Democratic presidential contender Clinton said the Blue Cross effort was another "example of how insurance companies spend tens of billions of dollars a year figuring out how to avoid covering people with health insurance."

    California insurers, including Blue Cross, are under fire for issuing individual policies without checking applications and then canceling them after patients get sick. The practice, known in the industry as rescission, is under scrutiny by state regulators, lawmakers and the courts.

    In scores of lawsuits, patients contend that the insurers dropped them over honest mistakes and minor inconsistencies on applications that they allege are purposely confusing. People ailing with cancer or other diseases often are unable to get new coverage once their insurance has been rescinded, and they may go without treatment. Swamped with medical debt, people have lost homes and businesses.

    Insurers say the cancellations are an important weapon against fraud and occur rarely.

    Several physicians and medical groups said they were troubled by the letters. Robert Margolis, a physician and the chief executive of one of the state's largest medical groups, described the letters as "an obnoxious intrusion" on the relationship between physicians and patients.

    "Asking us to be the application police is inappropriate," said Margolis, who heads HealthCare Partners Medical Group in Los Angeles.

    Troughton said the company believed the letters complied with state and federal privacy and health practice laws. She said Blue Cross "highly values the trust of its members and understands the personal relationship members have with their physicians."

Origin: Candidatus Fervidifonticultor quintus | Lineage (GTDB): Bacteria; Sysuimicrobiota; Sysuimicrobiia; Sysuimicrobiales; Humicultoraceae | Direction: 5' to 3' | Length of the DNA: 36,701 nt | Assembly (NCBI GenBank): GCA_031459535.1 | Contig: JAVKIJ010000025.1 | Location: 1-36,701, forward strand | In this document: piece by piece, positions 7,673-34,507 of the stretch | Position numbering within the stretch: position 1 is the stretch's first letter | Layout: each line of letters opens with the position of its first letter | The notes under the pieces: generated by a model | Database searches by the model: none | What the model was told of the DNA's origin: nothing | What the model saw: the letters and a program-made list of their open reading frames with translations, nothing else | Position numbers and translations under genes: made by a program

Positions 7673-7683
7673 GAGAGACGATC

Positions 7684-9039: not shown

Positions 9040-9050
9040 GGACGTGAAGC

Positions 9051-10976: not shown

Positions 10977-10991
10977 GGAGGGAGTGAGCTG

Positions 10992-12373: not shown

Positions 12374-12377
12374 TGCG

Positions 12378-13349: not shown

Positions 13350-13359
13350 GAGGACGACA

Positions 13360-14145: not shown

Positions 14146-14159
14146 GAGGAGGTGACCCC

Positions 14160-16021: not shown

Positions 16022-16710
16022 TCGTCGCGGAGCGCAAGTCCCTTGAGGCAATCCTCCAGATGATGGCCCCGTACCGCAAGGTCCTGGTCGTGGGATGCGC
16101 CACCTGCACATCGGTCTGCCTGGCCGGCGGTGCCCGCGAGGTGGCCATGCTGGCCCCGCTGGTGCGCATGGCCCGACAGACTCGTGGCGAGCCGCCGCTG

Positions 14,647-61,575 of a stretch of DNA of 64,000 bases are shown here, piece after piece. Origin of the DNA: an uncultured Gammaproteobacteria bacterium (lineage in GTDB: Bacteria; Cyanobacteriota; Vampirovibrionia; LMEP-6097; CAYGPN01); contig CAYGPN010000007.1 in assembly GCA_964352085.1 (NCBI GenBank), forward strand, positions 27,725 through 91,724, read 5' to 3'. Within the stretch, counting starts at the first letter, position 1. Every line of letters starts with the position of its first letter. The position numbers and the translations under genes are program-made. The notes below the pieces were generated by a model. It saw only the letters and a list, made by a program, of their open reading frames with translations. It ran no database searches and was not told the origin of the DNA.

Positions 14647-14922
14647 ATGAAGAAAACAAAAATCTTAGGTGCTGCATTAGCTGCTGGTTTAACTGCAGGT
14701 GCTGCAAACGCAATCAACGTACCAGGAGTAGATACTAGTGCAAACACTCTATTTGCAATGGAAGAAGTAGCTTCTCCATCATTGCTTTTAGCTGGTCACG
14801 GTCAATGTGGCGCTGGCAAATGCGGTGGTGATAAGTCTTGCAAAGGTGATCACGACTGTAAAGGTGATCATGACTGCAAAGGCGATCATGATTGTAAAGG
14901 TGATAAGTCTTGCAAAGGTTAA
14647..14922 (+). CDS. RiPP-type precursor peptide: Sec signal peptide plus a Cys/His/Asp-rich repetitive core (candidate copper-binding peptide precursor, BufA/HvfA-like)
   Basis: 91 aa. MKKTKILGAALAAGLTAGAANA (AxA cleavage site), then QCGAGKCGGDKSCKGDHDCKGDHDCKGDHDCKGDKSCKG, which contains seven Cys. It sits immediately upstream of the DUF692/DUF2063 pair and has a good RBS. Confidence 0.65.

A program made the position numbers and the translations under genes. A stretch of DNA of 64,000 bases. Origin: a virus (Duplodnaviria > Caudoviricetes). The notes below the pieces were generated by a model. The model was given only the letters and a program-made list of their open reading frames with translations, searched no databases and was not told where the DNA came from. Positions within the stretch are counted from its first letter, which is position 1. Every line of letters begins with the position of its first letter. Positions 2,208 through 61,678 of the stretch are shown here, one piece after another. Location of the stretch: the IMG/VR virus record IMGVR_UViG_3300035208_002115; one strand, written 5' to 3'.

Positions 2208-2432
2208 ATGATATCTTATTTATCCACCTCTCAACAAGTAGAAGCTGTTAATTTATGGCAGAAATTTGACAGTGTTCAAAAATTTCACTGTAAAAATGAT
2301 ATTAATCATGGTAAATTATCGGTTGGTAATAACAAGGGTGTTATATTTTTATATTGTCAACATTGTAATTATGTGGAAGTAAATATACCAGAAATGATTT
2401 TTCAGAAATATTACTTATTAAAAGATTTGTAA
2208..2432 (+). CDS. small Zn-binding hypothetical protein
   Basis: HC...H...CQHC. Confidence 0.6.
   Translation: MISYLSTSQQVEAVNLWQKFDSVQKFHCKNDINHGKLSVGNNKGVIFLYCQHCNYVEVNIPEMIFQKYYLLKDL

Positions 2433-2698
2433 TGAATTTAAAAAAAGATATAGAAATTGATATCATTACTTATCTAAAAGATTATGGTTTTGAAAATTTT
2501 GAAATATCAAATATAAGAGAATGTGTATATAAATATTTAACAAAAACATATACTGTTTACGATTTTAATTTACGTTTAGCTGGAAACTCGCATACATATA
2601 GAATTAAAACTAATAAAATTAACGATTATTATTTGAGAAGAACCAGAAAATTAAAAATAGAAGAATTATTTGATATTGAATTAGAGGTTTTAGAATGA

But, she said, "it is our responsibility to assure that all members' records are accurate and up to date both for the benefit of our members and the providers in our HMO network."

    Sending applications to physicians for review is an important tool, Troughton said, to "ensure that it mirrors what is reflected in the physician's notes for that member."

    But privacy experts said that may violate privacy laws.

    They don't have a right to contact someone that you hired and you employed to take care of your health and to release data about you without your permission," said Deborah Peel, a Texas physician who founded Patient Privacy Rights, a nonprofit advocacy organization. "What's the point of paying for insurance if they are going to look for every reason to deny what you think you paid for, which is access to services to help you?"

    Jamie Court, president of the Foundation for Taxpayer and Consumer Rights, said information exchange also might violate state laws aimed at ensuring that physicians do not allow financial considerations to interfere with medical judgments.

    "The real issue here is the doctor acting as a double agent," Court said.

    Other large health insurers, including UnitedHealth Group Inc. -- which operates PacifiCare in California -- Blue Shield of California and Health Net Inc., said Tuesday that they did ask doctors to look for or alert them to possible preexisting medical conditions.

    Margita Thompson, a spokeswoman for Health Net, said the company asks physicians for medical records when it suspects patients may have omitted preexisting conditions on applications.

    "But the doctor is not asked to review the records at all," she said. "And we do not send the doctor a copy of the application for his review."

    lisa.girion@latimes.com

    jordan.rau@latimes.com

    Girion reported from Los Angeles and Rau from Sacramento. Times staff writer Marc Lifsher in Sacramento contributed to this report.

    Original here

    Fatal 44 shots of tequila served to boy